I am excited to address in detail some of the topics I touched on in my last post. I think that this true story may give some mommies insight into the impact of spankings on some children. All children are different; some are more sensitive than others. In future posts, I plan to share some testimonies from people with different personalities as to how spankings impacted them inwardly.
Once there was a little girl who very consistently received spankings, ones that even she would've said she deserved. A spanking was the penalty for any infraction, minor or major. The little girl's parents felt that the spankings were highly effective. After all, their little girl was a model of perfect behavior. She was cheerful most of the time, she worked hard to help her mom around the house, she was quick to obey any directive her parents gave her.
The little girl's parents were careful not to spank in anger. They followed a procedure of talking to the little girl before and after each spanking. The little girl always seemed so repentant before the spanking. After the spanking, she appeared to be relieved of a heavy burden of guilt that she had been carrying.
The little girl grew up to be an excellent teenager. She was easy to get along with and quick to please. She was upheld in her church as a model of good behavior for younger girls.
Though on the outside this little girl was a model daughter, on the inside things were different. You see, spankings taught this girl a very important lesson: as long as you conceal all sin and human weakness, including negative emotions, you will be acceptable and valued, and you will escape punishment.
The little girl's parents understood that all humans are born sinners who are unable to make themselves better. They thought that by spanking the little girl they were teaching her that sin has consequences. They thought that by teaching her to immediately and cheerfully obey all parental directives, they were teaching her to trust and obey God. What they didn't know was that many times, the little girl did wrong because she was impulsive. They didn't know that she longed for the opportunity, time and again, to simply admit her wrong and be forgiven. They thought it was funny when once, she attempted to spank herself hard, in order to avoid punishment. They didn't know that many times, as this little girl was spanked, she felt humiliated and angry. She often wanted to turn around and scream at her parents. At other times, she would spend the entire spanking hating herself, wondering how God could ever love someone as wretched and horrible as she, wondering what she could ever do to make God love her; to get on His good side; after all, look what her parents required of her when she sinned! Yes, she knew about Jesus, but it seemed that she was too horrible for His death to be sufficient for her. The little girl was relieved after the spanking was over, not because the burden of guilt had been lifted, but because she knew that, an hour or so after the spanking, her parents would once again smile at her and accept her; she knew that they would then require no "payment" from her for her sins. Each time she was spanked, she would vow to behave better.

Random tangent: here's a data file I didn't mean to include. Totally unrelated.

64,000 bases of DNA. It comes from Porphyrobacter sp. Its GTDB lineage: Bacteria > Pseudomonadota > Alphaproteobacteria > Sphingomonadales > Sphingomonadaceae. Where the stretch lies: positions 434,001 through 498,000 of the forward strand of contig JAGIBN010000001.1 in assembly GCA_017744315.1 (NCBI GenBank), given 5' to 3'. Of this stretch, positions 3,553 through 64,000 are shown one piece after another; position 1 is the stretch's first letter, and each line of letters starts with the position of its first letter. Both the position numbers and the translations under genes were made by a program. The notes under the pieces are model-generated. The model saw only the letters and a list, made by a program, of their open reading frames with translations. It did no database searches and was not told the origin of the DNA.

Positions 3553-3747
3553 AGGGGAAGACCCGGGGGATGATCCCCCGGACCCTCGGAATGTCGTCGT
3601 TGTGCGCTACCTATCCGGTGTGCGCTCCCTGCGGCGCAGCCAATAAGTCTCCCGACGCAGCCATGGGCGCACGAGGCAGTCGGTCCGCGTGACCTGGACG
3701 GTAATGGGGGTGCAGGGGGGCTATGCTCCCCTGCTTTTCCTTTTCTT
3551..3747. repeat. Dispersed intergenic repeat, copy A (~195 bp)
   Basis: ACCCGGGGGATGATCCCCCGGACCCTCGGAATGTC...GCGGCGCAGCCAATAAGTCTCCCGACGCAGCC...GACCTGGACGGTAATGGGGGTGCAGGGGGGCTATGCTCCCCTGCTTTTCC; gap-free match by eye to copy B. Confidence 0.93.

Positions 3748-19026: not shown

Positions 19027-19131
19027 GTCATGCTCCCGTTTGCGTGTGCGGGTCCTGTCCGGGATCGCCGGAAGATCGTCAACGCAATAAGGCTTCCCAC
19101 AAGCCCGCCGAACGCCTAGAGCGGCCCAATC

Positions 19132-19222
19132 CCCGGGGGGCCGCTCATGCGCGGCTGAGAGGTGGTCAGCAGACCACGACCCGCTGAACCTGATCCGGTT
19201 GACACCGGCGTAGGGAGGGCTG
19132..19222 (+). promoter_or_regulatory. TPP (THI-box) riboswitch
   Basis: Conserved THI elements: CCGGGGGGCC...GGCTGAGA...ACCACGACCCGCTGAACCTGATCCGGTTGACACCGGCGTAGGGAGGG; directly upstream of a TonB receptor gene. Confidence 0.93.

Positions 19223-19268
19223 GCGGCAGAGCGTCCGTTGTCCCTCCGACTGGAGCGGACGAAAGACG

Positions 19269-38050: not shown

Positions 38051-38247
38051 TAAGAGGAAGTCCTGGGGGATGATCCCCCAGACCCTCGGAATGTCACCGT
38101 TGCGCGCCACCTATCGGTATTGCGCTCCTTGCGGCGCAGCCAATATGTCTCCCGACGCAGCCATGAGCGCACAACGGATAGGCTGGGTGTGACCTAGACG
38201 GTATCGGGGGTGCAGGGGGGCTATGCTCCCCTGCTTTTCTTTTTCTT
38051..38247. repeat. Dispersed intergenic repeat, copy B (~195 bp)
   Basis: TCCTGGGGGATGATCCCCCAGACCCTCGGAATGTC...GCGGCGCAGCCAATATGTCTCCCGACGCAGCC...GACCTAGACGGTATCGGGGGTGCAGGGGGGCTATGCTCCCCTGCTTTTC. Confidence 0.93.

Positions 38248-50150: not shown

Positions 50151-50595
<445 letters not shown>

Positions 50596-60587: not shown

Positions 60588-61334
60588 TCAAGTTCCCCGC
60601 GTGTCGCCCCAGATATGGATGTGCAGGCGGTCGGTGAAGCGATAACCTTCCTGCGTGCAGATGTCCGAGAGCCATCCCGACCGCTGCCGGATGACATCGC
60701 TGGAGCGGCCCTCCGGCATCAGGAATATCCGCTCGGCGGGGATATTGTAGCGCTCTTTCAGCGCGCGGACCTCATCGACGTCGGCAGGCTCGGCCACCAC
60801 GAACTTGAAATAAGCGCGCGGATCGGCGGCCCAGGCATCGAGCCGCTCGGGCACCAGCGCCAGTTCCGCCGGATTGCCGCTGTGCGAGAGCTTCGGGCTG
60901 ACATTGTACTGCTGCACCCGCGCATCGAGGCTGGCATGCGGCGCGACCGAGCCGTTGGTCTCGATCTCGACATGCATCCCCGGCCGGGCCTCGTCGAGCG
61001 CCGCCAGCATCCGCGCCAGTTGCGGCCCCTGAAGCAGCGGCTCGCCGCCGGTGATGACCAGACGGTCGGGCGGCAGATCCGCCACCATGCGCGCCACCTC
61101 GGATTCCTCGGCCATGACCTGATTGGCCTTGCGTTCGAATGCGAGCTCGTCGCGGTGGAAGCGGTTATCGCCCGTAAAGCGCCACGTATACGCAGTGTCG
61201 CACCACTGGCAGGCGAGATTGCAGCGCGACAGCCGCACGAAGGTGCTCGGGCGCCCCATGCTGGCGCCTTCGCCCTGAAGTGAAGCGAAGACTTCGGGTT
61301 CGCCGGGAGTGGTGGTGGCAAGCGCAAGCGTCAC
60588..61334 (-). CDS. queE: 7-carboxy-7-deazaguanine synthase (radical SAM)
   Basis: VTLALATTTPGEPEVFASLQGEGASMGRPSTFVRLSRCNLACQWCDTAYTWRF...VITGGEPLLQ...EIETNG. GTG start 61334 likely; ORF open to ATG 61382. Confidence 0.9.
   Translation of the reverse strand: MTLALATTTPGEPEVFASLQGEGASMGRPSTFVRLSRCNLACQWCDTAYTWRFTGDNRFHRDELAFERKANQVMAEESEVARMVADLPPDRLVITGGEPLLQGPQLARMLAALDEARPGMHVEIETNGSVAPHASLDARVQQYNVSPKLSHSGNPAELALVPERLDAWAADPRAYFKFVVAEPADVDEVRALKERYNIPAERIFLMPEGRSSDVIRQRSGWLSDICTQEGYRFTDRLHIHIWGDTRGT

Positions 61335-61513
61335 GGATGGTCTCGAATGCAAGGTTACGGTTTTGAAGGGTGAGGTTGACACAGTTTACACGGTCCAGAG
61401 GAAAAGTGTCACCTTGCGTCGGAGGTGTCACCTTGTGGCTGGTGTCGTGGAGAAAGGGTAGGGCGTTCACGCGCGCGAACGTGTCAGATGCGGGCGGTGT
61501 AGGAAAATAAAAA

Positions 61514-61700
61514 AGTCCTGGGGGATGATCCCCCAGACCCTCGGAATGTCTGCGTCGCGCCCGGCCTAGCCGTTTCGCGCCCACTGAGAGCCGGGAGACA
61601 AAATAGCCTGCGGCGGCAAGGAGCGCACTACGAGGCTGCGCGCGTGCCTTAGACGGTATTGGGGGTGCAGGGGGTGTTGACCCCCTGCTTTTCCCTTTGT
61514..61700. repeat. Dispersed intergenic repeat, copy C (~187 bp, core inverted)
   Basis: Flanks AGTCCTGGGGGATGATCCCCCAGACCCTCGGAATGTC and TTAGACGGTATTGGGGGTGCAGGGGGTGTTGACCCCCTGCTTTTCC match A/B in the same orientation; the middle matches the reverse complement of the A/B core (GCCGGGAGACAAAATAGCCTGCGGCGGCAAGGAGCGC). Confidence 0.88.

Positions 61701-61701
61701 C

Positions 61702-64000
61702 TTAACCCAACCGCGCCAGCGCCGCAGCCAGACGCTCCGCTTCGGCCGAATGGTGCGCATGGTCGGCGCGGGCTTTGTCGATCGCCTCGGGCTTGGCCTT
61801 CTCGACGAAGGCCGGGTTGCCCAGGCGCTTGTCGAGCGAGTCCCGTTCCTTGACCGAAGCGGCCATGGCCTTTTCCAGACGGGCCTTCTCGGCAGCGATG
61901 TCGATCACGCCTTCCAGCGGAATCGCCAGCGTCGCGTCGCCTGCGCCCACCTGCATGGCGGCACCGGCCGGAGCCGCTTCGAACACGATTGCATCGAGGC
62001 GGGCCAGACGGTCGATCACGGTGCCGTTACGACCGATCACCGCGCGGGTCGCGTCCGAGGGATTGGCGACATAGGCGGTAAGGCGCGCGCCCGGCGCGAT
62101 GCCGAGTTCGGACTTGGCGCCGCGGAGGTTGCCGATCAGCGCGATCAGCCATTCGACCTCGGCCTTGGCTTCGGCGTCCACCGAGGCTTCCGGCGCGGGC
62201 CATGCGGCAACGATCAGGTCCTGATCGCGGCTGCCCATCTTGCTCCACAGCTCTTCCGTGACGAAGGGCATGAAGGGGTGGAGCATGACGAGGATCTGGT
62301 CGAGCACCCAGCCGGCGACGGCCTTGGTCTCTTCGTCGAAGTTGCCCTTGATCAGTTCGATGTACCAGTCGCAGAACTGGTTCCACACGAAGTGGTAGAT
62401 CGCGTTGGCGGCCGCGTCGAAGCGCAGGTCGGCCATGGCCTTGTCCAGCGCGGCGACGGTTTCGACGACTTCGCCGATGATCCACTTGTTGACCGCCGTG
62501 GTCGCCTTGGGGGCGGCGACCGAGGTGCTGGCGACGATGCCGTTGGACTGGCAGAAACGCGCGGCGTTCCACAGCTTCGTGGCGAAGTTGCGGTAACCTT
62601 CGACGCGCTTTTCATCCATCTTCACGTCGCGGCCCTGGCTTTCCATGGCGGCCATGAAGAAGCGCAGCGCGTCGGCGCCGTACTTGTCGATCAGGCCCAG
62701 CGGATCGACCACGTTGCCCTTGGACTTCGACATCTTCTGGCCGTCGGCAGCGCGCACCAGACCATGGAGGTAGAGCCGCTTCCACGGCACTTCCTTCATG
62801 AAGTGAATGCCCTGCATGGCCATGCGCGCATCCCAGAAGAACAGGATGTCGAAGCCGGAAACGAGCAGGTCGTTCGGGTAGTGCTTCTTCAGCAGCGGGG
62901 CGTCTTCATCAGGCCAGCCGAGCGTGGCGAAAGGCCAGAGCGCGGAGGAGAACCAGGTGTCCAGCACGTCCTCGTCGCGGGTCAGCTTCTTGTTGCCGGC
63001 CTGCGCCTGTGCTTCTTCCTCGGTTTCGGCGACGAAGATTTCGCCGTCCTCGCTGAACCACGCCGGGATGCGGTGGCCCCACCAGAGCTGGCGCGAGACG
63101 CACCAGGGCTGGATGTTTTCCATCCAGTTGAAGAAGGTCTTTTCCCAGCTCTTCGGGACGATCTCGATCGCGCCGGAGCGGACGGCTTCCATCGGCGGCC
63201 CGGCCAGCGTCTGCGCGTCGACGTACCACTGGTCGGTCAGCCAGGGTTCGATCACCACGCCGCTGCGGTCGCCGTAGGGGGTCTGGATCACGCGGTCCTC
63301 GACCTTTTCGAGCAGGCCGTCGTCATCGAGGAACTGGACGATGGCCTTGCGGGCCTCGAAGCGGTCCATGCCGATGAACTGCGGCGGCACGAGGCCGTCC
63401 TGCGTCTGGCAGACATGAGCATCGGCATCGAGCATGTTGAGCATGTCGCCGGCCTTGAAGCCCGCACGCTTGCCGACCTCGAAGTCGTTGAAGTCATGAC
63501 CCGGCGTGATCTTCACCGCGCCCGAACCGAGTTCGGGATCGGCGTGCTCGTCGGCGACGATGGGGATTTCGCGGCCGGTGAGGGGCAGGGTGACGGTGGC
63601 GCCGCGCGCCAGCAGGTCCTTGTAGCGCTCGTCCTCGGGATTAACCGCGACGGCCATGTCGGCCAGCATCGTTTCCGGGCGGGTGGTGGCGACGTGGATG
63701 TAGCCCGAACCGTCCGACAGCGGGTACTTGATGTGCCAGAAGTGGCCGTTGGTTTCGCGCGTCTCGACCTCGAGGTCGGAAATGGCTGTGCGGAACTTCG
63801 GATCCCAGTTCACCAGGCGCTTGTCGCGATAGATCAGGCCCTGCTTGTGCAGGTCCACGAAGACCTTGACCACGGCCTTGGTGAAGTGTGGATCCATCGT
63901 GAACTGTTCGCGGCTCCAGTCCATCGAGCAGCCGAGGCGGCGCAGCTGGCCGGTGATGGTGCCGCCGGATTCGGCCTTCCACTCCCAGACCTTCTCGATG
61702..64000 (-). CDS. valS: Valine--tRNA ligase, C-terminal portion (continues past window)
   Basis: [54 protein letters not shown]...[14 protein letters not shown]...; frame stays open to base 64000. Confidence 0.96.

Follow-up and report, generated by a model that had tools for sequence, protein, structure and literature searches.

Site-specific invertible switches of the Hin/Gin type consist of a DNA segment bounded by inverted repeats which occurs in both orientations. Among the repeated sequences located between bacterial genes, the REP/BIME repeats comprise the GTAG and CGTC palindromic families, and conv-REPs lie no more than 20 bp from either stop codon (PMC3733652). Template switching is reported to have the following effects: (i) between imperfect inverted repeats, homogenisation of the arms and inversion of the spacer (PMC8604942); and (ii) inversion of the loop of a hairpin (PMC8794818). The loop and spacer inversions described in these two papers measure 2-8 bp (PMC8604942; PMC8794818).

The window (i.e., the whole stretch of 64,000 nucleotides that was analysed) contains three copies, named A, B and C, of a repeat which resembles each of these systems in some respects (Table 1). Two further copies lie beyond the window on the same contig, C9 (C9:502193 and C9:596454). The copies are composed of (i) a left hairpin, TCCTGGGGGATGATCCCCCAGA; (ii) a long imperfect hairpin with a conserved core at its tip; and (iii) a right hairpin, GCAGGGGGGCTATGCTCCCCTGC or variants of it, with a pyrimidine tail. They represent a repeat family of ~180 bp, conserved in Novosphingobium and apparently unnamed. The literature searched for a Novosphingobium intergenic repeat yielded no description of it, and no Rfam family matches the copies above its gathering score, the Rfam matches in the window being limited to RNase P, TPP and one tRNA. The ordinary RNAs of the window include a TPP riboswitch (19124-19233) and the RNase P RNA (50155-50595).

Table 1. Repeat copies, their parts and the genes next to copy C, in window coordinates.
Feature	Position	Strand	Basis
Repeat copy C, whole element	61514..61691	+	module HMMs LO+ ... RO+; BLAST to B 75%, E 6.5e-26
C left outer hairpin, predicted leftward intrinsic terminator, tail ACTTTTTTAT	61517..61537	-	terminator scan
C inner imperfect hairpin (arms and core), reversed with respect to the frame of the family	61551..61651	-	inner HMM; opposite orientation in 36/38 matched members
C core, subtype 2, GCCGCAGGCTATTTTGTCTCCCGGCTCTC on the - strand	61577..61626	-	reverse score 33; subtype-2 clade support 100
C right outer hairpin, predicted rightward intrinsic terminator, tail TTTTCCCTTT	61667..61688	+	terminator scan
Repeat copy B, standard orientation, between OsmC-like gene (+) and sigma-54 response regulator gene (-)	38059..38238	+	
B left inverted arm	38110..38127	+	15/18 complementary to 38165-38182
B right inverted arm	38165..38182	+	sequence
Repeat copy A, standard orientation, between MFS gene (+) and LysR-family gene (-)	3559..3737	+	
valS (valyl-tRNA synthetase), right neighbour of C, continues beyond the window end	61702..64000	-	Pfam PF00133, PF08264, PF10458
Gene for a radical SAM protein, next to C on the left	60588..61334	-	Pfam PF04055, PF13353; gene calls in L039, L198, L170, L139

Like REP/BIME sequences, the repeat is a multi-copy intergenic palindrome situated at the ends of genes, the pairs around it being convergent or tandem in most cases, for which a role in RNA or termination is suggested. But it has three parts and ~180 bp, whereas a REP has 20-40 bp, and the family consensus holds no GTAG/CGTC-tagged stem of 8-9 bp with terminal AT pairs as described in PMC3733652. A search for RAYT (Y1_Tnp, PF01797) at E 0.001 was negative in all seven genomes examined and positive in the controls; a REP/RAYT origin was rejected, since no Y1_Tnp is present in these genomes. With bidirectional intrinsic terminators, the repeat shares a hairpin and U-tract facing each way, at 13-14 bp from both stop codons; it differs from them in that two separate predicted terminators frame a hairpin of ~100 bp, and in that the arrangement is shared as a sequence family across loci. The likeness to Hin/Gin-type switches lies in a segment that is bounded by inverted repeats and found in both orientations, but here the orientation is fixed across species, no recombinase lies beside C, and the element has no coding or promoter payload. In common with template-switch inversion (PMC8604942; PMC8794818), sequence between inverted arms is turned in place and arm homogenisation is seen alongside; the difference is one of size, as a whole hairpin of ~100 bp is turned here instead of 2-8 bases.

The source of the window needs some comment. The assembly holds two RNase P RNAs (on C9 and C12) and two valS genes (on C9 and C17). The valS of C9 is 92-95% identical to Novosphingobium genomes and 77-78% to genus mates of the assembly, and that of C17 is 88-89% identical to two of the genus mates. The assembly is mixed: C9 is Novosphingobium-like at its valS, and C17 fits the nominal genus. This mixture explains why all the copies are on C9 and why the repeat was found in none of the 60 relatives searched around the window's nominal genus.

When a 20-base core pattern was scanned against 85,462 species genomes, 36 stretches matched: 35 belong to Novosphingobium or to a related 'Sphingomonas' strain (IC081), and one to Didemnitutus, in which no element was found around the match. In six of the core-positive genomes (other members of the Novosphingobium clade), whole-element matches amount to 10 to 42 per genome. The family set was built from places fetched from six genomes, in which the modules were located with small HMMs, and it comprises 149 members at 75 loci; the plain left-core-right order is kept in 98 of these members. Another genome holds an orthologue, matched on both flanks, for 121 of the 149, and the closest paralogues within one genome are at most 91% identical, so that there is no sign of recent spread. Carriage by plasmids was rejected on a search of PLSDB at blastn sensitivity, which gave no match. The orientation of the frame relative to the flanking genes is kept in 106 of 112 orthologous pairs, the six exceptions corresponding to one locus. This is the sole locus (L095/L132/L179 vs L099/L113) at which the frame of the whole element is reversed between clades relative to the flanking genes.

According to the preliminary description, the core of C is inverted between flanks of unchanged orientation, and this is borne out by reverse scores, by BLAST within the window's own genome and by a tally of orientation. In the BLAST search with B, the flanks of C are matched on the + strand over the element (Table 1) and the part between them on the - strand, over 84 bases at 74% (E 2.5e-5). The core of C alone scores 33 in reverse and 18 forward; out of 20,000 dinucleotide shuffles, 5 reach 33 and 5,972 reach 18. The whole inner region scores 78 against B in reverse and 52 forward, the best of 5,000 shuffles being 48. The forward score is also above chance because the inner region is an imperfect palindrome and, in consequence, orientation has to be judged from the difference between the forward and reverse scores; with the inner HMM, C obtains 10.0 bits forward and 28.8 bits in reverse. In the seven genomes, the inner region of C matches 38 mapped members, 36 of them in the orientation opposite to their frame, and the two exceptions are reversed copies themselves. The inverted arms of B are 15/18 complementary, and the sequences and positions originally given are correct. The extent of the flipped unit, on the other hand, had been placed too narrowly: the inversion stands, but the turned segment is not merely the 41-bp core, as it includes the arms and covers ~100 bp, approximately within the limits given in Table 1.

As the little girl grew older, she put her trust in Jesus, believing that He had paid her sin debt. Each time she was spanked or punished, she went running to God with her guilt-feelings. She began to see Him as a refuge, as One who forgave her right away, no payment required. She ran to Him when she felt unacceptable. But she hid her true self from her parents. When she was angry or hurt during a spanking, or when she was angry at watching one of her siblings get spanked, she ran to God with her anger, mentally declaring, "At least YOU love me!" or "Please avenge my sibling!" So, in a sense, spankings drove this girl to God, but in a different way than her parents intended. As an adult, this little girl struggled to reconcile a God who on the one hand was so good, a refuge for the hurting, with a God who required that childish misbehavior be punished although Jesus had already paid these children's sin debt. Sometimes, she did not even want to read her Bible, for fear that God would suddenly turn on her, declaring that she was unacceptable, declaring that she must be punished.